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Comoros volcano tremors grow stronger, more frequent

MORONI (Reuters) - Earth tremors from Comoros’ volcano Mount Karthala grew stronger and more frequent, residents said on Sunday, forcing thousands of nervous families to sleep outside overnight for fear their homes might collapse.

An aerial view shows lava spewing at the top of the 2,361 meter (7,746 ft) Mt. Karthala near Moroni, the capital of the Comoros Island, May 29, 2006. Earth tremors from Comoros' volcano Mount Karthala grew stronger and more frequent, residents said on Sunday, forcing thousands of nervous families to sleep outside overnight for fear their homes might collapse. REUTERS/Peter Paxton

The Indian Ocean archipelago’s largest island, Grand Comore, was put on red alert after Mount Karthala -- one of the world’s largest active volcanos -- began to glow red and emit suffocating fumes late on Friday.

The 2,361-meter (7,746-foot) Mount Karthala dominates Grand Comore, but its eruptions, which happen on average every 11 years, have rarely caused a major disaster.

But while lava levels inside the crater have subsided, earth tremors have become more frequent.

Hamidou Soule, a geologist who leads the Karthala surveillance center, said tremors were lasting up to five seconds and had reached five on the Richter scale.

“The lava and the gases remain trapped and are looking to crack through the mountain. It seems the main chimney is blocked,” he said. “The frequency of the tremors shows that a (lava) flow could happen in any part of the island.”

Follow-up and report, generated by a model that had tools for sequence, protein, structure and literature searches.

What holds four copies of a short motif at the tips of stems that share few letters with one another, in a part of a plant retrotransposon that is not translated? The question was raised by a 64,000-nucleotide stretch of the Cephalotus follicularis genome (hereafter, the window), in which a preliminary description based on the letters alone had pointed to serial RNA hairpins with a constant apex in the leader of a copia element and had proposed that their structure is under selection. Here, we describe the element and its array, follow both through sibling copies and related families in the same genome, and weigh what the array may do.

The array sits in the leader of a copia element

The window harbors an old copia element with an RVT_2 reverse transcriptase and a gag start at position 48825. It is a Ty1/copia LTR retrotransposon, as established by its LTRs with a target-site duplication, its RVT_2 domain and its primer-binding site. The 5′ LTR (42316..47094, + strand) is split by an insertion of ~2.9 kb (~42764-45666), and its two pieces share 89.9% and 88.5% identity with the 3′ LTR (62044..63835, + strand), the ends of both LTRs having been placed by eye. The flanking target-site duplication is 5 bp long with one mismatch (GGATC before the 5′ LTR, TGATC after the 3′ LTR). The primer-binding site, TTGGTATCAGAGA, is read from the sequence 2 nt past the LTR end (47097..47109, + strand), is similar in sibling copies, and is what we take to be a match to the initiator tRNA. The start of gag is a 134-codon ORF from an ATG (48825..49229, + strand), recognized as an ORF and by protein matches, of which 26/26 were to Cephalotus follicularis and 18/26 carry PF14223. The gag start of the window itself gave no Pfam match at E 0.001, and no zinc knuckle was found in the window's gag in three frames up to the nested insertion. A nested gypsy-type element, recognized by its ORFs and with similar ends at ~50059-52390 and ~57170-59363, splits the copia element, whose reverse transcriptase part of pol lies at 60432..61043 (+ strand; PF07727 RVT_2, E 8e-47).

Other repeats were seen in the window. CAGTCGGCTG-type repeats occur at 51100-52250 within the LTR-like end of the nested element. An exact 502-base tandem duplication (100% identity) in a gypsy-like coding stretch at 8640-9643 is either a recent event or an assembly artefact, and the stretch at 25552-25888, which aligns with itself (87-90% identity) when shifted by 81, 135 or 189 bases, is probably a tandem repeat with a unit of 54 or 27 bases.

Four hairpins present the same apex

Residents said people were prepared to evacuate.

“The tremors get stronger and stronger every 15 minutes,” said Ibrahim Youssouf, a photographer from Mitsoudje village on the volcano’s southwestern slope. “A good number of people have packed their bags, ready to flee in case of eruption.”

Another resident from a village on the volcano’s western slope said high temperatures had made the air dry.

“It feels like everything will explode,” he said.

In the capital Moroni, thousands slept outside overnight and national radio broadcast appeals for calm and readings from the Koran across the mainly Muslim island.

“When I felt the tremor, I woke my wife and we stayed in the garden,” said resident Abderemane Koudre. “We thought the house was going to collapse. It was frightening.”

In 1903, 17 died from noxious fumes that seeped from cracks, and the last big eruption was in April 2005 when thousands fled in fear of poisonous gas and lava.

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